This post originally appeared on credit.com.
If you are getting calls and letters from debt collectors and want to resolve the debt, you need a plan. Your first priority should be developing a strategy that makes sense for you financially. You need to know your monthly budget and the amount of money you can commit to resolving collection accounts. And if you have more than one account in collections, you also need to know that not all debt collectors are the same.
1. You Can Work With the Original Creditor…
You can often work out some form of payment by calling your creditor directly, or by working with a nonprofit credit counseling agency. But when credit card payments go more than six months without a payment (sometimes sooner), calling your creditor often means being routed to a third-party debt collector. If your creditor tells you they cannot work directly with you; has not sold your account off to a bad debt buyer; and has already charged off your account, you will typically have to work with the debt collector they sent your account to.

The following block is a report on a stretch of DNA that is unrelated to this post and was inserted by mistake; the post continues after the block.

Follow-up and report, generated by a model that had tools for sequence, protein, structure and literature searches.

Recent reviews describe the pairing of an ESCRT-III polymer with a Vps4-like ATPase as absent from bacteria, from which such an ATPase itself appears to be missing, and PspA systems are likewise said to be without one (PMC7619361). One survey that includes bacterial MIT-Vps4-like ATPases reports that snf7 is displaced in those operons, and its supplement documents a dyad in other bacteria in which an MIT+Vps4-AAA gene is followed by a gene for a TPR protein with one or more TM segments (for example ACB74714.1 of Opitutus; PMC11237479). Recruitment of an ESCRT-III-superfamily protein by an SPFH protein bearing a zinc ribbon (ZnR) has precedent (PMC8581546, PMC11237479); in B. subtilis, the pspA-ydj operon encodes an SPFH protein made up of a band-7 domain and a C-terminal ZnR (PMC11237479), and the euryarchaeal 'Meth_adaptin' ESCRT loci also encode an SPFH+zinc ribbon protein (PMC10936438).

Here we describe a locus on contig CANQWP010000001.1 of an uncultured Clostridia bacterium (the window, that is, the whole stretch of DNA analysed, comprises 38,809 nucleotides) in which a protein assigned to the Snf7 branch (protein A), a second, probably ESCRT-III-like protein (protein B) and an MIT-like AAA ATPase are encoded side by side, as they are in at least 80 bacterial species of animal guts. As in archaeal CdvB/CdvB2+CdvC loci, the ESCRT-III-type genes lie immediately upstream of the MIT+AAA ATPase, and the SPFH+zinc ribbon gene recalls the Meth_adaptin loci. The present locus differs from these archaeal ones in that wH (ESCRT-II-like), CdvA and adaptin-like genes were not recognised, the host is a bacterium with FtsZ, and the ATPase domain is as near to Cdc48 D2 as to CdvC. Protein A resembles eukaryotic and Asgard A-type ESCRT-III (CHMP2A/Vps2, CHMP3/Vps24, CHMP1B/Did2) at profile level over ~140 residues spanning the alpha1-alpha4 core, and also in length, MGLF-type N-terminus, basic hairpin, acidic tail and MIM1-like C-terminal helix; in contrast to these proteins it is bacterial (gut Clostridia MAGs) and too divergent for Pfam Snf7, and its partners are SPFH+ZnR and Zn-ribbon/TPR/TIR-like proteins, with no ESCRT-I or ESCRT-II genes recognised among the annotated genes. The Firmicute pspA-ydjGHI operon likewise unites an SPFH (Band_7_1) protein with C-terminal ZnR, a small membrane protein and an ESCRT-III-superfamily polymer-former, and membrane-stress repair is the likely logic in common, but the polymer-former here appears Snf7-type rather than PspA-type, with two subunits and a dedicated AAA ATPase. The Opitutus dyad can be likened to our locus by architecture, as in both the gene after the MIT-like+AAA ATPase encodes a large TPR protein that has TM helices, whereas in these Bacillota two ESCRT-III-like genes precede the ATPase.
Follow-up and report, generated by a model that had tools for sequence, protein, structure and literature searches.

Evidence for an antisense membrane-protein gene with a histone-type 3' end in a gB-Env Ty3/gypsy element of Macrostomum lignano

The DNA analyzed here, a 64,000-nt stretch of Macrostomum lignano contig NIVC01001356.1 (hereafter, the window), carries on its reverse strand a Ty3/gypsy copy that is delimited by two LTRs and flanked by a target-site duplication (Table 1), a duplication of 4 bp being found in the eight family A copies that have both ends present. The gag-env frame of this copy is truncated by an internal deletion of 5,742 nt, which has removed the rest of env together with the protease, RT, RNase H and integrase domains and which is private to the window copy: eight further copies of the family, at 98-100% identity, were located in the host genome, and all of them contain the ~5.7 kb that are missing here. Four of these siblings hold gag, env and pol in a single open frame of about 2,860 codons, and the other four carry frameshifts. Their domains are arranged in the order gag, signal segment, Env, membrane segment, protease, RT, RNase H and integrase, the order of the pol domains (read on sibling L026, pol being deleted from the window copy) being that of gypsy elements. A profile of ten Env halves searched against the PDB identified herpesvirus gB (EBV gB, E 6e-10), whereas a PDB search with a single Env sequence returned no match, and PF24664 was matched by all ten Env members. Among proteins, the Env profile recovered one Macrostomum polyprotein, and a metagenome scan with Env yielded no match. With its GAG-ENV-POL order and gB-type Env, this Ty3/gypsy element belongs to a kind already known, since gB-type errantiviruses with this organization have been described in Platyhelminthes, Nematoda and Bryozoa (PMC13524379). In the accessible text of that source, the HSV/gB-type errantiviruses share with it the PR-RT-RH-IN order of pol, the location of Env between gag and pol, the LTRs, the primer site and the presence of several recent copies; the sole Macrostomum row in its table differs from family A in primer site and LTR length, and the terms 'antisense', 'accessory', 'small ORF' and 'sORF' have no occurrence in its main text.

Your strategy to resolve a debt can be adjusted depending on what kind of debt you have, and the type of collector you are dealing with.
2. …Or a Third-Party Debt Collector
The collection industry is large. There are thousands of companies, big and small, working to collect billions of dollars of debt each year. Your strategy to resolve overdue bills can be adjusted depending on what kind of debts you have (medical debts, utility bills, etc.), and the type of collector you are dealing with.
Debt collectors that work directly with your credit card lender are typically going to be larger contingency collection agencies. They make calls and send you collection notices in an attempt to collect. All of which is motivated by the fact that they will get paid based on what they get you to pay. A common earned contingency fee is 15% of the balance they collect.